When staying at home is dangerous

Two people talk to each other in a room
Staff at Women's Advocates of St. Paul continue to help victims of domestic violence, even as the pandemic has changed how they work.
Photo by Tim and Madie Photography

Minnesotans have been under a stay-at-home order for seven weeks in an effort to slow the spread of COVID-19.

But what happens when staying at home is unsafe?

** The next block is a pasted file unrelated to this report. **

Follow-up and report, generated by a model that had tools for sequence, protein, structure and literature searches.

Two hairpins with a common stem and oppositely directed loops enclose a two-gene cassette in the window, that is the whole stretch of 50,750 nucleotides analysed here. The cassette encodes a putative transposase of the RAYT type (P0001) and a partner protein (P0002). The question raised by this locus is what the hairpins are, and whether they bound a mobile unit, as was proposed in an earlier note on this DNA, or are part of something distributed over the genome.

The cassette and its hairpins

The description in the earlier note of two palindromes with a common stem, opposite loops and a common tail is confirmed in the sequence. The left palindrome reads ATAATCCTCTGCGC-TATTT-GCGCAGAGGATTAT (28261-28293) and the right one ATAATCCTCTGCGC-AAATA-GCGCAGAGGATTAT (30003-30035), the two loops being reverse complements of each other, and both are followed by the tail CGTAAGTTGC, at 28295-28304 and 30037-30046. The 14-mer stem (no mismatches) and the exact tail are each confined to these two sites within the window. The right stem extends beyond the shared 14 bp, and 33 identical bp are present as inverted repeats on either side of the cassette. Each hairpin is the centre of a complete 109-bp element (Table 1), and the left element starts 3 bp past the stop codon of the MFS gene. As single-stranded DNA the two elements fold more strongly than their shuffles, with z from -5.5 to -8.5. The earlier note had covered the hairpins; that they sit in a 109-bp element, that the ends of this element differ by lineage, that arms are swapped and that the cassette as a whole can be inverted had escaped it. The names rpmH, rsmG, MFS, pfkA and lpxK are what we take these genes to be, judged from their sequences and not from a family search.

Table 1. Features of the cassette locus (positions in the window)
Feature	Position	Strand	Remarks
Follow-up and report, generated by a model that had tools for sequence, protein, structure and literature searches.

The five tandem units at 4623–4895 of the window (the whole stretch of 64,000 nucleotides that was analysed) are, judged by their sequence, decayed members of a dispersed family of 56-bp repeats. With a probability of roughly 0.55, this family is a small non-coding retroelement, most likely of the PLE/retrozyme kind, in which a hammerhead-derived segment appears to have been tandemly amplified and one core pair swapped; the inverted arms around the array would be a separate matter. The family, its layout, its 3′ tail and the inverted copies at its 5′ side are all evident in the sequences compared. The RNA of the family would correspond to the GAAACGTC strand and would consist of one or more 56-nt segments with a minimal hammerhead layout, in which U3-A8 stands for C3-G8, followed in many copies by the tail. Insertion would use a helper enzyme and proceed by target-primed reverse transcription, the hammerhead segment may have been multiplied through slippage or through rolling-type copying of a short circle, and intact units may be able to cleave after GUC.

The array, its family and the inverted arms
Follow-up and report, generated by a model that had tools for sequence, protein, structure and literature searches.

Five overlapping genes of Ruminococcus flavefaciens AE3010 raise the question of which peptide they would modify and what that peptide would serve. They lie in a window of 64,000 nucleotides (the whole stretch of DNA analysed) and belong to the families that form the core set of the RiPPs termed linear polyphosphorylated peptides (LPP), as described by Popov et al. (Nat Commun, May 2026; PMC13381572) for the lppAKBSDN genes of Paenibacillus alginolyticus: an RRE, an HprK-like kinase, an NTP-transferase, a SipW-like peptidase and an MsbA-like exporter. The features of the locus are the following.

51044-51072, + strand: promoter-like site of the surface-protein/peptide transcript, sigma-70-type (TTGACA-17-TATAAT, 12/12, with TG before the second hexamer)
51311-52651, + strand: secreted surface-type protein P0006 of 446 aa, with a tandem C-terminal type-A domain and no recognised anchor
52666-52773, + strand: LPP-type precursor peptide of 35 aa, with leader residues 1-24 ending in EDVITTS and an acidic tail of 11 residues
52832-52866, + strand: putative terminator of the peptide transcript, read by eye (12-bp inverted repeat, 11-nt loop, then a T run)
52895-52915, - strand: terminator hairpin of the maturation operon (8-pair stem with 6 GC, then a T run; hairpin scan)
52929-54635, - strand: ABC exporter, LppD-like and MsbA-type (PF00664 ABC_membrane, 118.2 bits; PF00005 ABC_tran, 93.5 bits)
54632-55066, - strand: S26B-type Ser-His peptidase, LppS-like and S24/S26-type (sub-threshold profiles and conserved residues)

Across the country, cities are reporting an increase in domestic violence calls. And for many people who live with their abuser, this order has been a nightmare.

What can survivors do to get help during this time, and what can neighbors and friends do to help?


  • Stephanie Revering is the chief of the Crystal Police Department.

  • Pamela Maldonado is the victim advocacy program manager at Cornerstone, and former member of the planning committee to create Minnesota's first Victim Assistance Academy.

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